Comparing the Panasonic PT-AX100U and the PT-AX200U

When we first reviewed this model's predecessor we did a comparison and it only seems fair to keep up the tradition. This time around the differences are much more difficult to spot, as this really is just an incremental change. Here’s a quick overview of differences:

2000 ANSI lumens 2000 ANSI lumens
6000:1 (on/off) contrast ratio 6000:1 (on/off) contrast ratio
Dynamic Iris with Light Harmonizer (Gamma) System Dynamic Iris with Light Harmonizer 2 (Gamma + Sharpness + Lamp power + Iris) System
220W UHM lamp 220W UHM lamp
D-5 LCD panel D-5 LCD panel
290W power 290W power
Dynamic Iris Dynamic Iris
1 HDMI input 2 HDMI inputs
Backlit remote Backlit remote
Full 1080p/24/60 support Full 1080p/24/60 support
No Game mode Game mode
10.8lbs 10.8lbs
15.5” x 4.4” x 11.8” 15.5” x 4.4” x 11.8”
Starting MSRP: $2,999 Starting MSRP: $1,999

The remote controls are almost identical, except that the PT-AX200U replaces the Sleep button with a dynamic Function button that can be assigned to any number of functions, depending on your preference (I set mine to activate Game mode):

PT-AX100U-remote.jpg PT-AX200U-remote.jpg
PT-AX100U remote (left) and PT-AX200U remote (right)


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Recent Forum Posts:

TVJon posts on December 14, 2007 00:12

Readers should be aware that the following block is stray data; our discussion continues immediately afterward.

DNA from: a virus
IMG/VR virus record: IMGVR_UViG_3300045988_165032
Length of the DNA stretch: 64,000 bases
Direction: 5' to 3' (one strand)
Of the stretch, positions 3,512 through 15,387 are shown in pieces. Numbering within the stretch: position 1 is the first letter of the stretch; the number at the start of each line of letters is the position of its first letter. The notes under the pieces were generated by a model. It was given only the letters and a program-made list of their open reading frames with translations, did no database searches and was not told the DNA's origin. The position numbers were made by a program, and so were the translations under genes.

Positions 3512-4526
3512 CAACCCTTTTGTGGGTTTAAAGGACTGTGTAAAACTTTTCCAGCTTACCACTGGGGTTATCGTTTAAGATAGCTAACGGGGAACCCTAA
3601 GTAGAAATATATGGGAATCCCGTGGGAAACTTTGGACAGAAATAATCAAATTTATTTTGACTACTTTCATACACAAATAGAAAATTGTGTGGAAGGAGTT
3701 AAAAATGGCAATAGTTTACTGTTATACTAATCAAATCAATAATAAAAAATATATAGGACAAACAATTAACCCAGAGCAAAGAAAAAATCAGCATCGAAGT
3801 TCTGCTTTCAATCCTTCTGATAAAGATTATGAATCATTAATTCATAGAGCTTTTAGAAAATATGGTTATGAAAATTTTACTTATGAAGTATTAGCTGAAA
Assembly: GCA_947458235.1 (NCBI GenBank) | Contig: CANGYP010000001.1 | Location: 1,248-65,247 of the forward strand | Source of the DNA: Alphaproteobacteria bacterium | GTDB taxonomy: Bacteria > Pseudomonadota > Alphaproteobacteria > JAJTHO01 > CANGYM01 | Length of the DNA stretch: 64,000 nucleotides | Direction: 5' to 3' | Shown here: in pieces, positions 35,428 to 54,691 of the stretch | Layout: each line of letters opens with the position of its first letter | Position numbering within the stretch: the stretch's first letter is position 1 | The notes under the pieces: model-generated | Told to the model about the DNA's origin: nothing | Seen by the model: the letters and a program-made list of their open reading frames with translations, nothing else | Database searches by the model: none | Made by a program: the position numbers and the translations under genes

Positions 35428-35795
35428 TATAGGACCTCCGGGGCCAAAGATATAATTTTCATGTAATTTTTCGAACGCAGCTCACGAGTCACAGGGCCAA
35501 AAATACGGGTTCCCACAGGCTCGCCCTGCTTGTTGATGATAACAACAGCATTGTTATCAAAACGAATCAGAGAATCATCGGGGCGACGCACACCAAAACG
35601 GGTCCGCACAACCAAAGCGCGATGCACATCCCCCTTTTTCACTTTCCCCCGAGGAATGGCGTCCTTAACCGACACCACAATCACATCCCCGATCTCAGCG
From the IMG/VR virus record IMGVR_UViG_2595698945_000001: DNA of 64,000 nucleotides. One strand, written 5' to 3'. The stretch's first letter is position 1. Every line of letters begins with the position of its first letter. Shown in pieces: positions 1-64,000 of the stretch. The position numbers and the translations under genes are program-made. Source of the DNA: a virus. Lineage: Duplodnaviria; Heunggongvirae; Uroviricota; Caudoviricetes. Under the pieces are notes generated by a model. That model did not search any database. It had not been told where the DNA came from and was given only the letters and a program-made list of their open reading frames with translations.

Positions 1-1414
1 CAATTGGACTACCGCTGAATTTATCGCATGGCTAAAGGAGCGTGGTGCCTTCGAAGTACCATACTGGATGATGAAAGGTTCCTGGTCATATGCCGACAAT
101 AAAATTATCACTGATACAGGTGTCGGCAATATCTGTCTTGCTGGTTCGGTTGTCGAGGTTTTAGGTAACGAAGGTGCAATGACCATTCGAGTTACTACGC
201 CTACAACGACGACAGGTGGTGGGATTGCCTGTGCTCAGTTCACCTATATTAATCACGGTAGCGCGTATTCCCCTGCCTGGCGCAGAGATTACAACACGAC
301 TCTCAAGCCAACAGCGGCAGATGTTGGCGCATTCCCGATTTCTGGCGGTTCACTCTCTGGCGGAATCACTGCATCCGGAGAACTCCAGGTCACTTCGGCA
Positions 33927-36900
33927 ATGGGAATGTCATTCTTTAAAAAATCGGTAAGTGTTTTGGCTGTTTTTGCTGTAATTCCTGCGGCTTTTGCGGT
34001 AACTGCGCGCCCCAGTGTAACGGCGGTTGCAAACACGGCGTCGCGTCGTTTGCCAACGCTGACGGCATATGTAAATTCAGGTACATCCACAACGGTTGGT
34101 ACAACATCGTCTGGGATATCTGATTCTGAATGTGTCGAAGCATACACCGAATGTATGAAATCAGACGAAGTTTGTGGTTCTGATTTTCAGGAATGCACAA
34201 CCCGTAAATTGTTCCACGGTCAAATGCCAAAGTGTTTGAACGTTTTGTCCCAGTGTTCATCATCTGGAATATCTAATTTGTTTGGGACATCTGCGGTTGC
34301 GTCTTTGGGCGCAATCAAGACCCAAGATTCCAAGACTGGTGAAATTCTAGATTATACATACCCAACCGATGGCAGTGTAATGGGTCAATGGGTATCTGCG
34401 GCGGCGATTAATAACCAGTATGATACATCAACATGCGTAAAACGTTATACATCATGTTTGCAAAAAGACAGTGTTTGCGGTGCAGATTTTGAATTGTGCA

I have this PJ running in my almost-done media room. I like it a lot and have no issues with the machine. What I find most interesting (this is my first PJ) is how soft and low-resolution some of my old standard definition DVDs look on the “big screen.” I suppose that's what you get when you're actually looking what amounts to seven pixels per inch on a screen that's 8-feet across.. assuming 640 pixels horizontal resolution. The other thing watching on the big screen does is make me follow the rack focuses and notice soft camera shots more than I ever did on television.

The price you pay for watching DVDs REALLY big… and why I want to see the difference HD really makes.

RTPBob posts on November 29, 2007 18:05
Hdmi 1.?

Does anyone know which level of HDMI the AX200U supports? I've been reading about the advantages of 1.3 but haven't been able to track down what level this projector supports.

Allan Rast posts on November 10, 2007 22:12
majorloser, post: 327349
So I take it you don't have any HDCP issues with the Dish-HD HDMI signal? If not, this might end up becoming my “spare” projector.

I “found” the review of this projector and followed the links to this forum. I am thinking of getting this projector to replace a 1995 vintage Sharp LCD projector. I also wonder about others having the HDCP issues.

I'm thinking of also getting the Denon 3808CI receiver. I bought one of the Toshiba HD-A2 HD DVD players at Wal-Mart the day of the big sale.

Does this sound like a reasonable system to everyone? Thanks in advance for responses.
majorloser posts on November 07, 2007 15:36
TOADSKI, post: 326635
I bought this for my new dedicated theater, Dish HD is amazing I dont have a a HD DVD but but christmas is coming. i can watch this with lights on if needed.
the cons to me are the 120 ft power cord supplied with the machine I need a 1 ft cord. For once a company gives a really long cord and I dont need it.
It worked great right out of the box.

So I take it you don't have any HDCP issues with the Dish-HD HDMI signal? If not, this might end up becoming my “spare” projector.
Clint DeBoer posts on November 07, 2007 09:24
I'd be interested to hear from even more people who own this projector and see what they think or if they encountered any difficulties.